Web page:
2016-2-14 Be Ye Very Angry, and…

Cornerstone EPC                                                                              Sunday morning
Franklin, NC 28734                                                                          February 14, 2016

“Be Ye Very Angry, and…”

Text: Ephesians 4:26-27

We continue today in our punctuated sermon series through Ephesians, and in particular we continue examining certain commands that, when obeyed, display the new life in Christ.  Last week the Lord commanded us in His Word to speak truth.  Hopefully, we have complied, by God’s grace, with this command.  Today we arrive at another command.  This week, the Lord commands us through Paul to be angry—perhaps to you a surprising command—but with several important caveats that further inform this command.  Let us then hear God as He speaks in His Word.

(HERE READ THE TEXT)

Today Scripture portion has within four commands—in particular, four Greek imperatives—and those commands figure prominently in our exposition today.  First, God commands us to be angry.  Actually, He commands us to be very angry.  Other glosses for the Greek word here rendered angry (orgidzomai [orgizomai]) include be full of anger and be furious.  Shockingly, we are allowed appropriate vehemence in our anger at appropriate wrongs for appropriate reasons.  Yet we must note several caveats; these come, like the admonition to be very angry, in the form of commands.

God calls us, through the Apostle Paul, to be very angry, but to sin not.  There are certain ways in which our anger is sinful.  We sin when our anger is improperly directed.  Sometimes we express anger against an innocent party, while a guilty party escapes our notice.  At other times we express anger at others for their non-willful mistakes.  We also express anger outwardly when the Holy Spirit brings conviction to our souls concerning sin.  All of these errors, and others like them, involve fundamentally misdirected anger.

To avoid this, direct anger at the right object.  Direct anger fundamentally at sin (especially our own sin), and the author of sin, more than at sinners themselves.  Remember that our struggle is not against flesh and blood, but against the spiritual powers of wickedness in heavenly realms (cf. Ephesians 6:11).  If any be overtaken in a trespass, let those who are spiritual restore him in a spirit of gentleness (Galatians 6:1).  Ever aim to direct anger at the right object—and may the Holy Spirit help us in this.

Our anger is sinful when we feel and express excessive vehemence—even in view of the foregoing remarks about being very angry.  We may feel and express anger at an appropriately high level for the right reasons.  Yet we are not permitted infinite vehemence in anger; though the level permitted be high in certain circumstances, yet our anger in any case must not surpass God’s righteous allowance in any case.  May the Lord help us to discern what is the right amount of anger in any provoking case—and not to proceed beyond that amount to excessive vituperation.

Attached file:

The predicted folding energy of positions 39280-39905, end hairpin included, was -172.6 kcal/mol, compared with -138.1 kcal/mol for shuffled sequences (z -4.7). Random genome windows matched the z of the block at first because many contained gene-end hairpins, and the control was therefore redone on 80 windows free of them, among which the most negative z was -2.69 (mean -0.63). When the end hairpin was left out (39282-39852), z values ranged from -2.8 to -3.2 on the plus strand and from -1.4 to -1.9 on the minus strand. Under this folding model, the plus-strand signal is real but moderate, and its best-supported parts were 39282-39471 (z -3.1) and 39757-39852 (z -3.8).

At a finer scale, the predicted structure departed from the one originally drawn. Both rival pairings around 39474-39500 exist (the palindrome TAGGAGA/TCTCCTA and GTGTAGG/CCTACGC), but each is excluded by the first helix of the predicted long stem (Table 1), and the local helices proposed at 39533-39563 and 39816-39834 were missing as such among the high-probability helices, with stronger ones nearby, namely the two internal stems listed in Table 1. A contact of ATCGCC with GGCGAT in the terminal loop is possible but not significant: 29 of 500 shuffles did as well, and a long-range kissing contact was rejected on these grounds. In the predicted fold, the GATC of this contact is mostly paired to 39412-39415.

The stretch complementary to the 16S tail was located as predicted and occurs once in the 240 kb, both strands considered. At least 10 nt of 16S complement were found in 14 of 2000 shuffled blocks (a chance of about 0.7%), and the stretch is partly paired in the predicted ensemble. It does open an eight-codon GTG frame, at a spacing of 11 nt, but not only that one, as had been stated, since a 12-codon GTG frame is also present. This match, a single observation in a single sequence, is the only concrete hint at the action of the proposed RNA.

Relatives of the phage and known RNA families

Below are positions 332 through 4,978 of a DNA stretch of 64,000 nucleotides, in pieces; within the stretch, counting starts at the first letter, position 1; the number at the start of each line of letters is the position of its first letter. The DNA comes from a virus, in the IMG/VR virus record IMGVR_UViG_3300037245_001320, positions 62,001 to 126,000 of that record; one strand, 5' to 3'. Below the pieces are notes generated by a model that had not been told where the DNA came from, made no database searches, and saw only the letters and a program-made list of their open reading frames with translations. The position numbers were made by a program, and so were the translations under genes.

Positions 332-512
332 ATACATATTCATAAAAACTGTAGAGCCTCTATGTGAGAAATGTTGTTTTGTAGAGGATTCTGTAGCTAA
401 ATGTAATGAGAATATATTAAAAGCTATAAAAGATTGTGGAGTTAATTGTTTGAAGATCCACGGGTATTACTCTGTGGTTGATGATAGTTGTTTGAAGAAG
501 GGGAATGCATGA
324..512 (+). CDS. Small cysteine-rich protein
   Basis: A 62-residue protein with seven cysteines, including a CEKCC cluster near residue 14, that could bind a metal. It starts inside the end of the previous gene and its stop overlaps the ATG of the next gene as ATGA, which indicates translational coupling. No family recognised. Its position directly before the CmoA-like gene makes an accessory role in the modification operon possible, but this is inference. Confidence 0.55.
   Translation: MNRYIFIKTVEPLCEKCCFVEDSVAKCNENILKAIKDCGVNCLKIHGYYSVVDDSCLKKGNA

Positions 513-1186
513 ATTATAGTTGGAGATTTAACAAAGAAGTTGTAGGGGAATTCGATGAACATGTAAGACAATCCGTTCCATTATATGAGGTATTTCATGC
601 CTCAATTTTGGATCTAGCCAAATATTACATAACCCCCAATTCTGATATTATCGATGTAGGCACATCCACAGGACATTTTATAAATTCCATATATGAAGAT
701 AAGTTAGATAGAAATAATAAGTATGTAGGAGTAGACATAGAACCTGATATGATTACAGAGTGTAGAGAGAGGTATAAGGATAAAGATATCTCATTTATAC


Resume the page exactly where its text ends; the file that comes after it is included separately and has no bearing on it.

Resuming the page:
We also sin when our anger is of excessive duration—and to this our text speaks in some detail.  The Apostle Paul, led by the Holy Spirit to use pictorial language here, instructs us not to let the sun go down on our anger.  This remark is more proverbial than literal; it will be hard this week, for example, to be provoked at six in the evening and be finished with anger by sunset—at six-fifteen.  Yet Paul Spirit-led point is well taken.  Let not anger be of overly long duration.  Should the duration be too long, other parties are wounded needlessly and the overly-long anger does damage to our souls and bodies—and it takes root deep within us.  These thoughts get us to the final command in today’s text.

God commands us not to give a place to the devil.  This can happen all too easily with we allow anger to simmer over a long time.  True, we are not red-hot angry all the time in this state, but the anger remains at low boil over a long time and does it typical damage to us and to others—and all of this to the delight of the evil one, who enjoys our misery and the misery we inflict on others.  Moreover, other sins run down the slope that long-cherished anger creates.  Inordinately long anger breeds, for example, malevolence—both in thought and in deed.  In our proper anger, let us not go beyond the bounds ordained by God—especially on length—in order that the devil gain no toehold and work his usual evil.

Righteous anger, then, in summary, includes both proper direction of it and containment within due bounds of vehemence and duration.  Remember one further thing about our anger.  Even when we comply with all the foregoing concerning our anger, yet even then our feeling and expression of anger is not perfectly righteous.  Even our so-called righteous deeds, in view of God’s perfect, infinite holiness, are as polluted garments (Isaiah 64:6).  This illustrates a fundamental doctrine of our Reformed faith—the doctrine of total depravity.  This doctrine, properly understood, asserts that we are not as bad as we could be, but it also asserts that no area of our lives is free from sin’s taint—even anger.  This reflection, by God’s grace, should give us long pause before we express our anger, and it should help curb sinful anger further.  Therefore, let us be very angry, and sin not—neither let the sun go down upon our anger, and let us not give a place to the devil.

AMEN.

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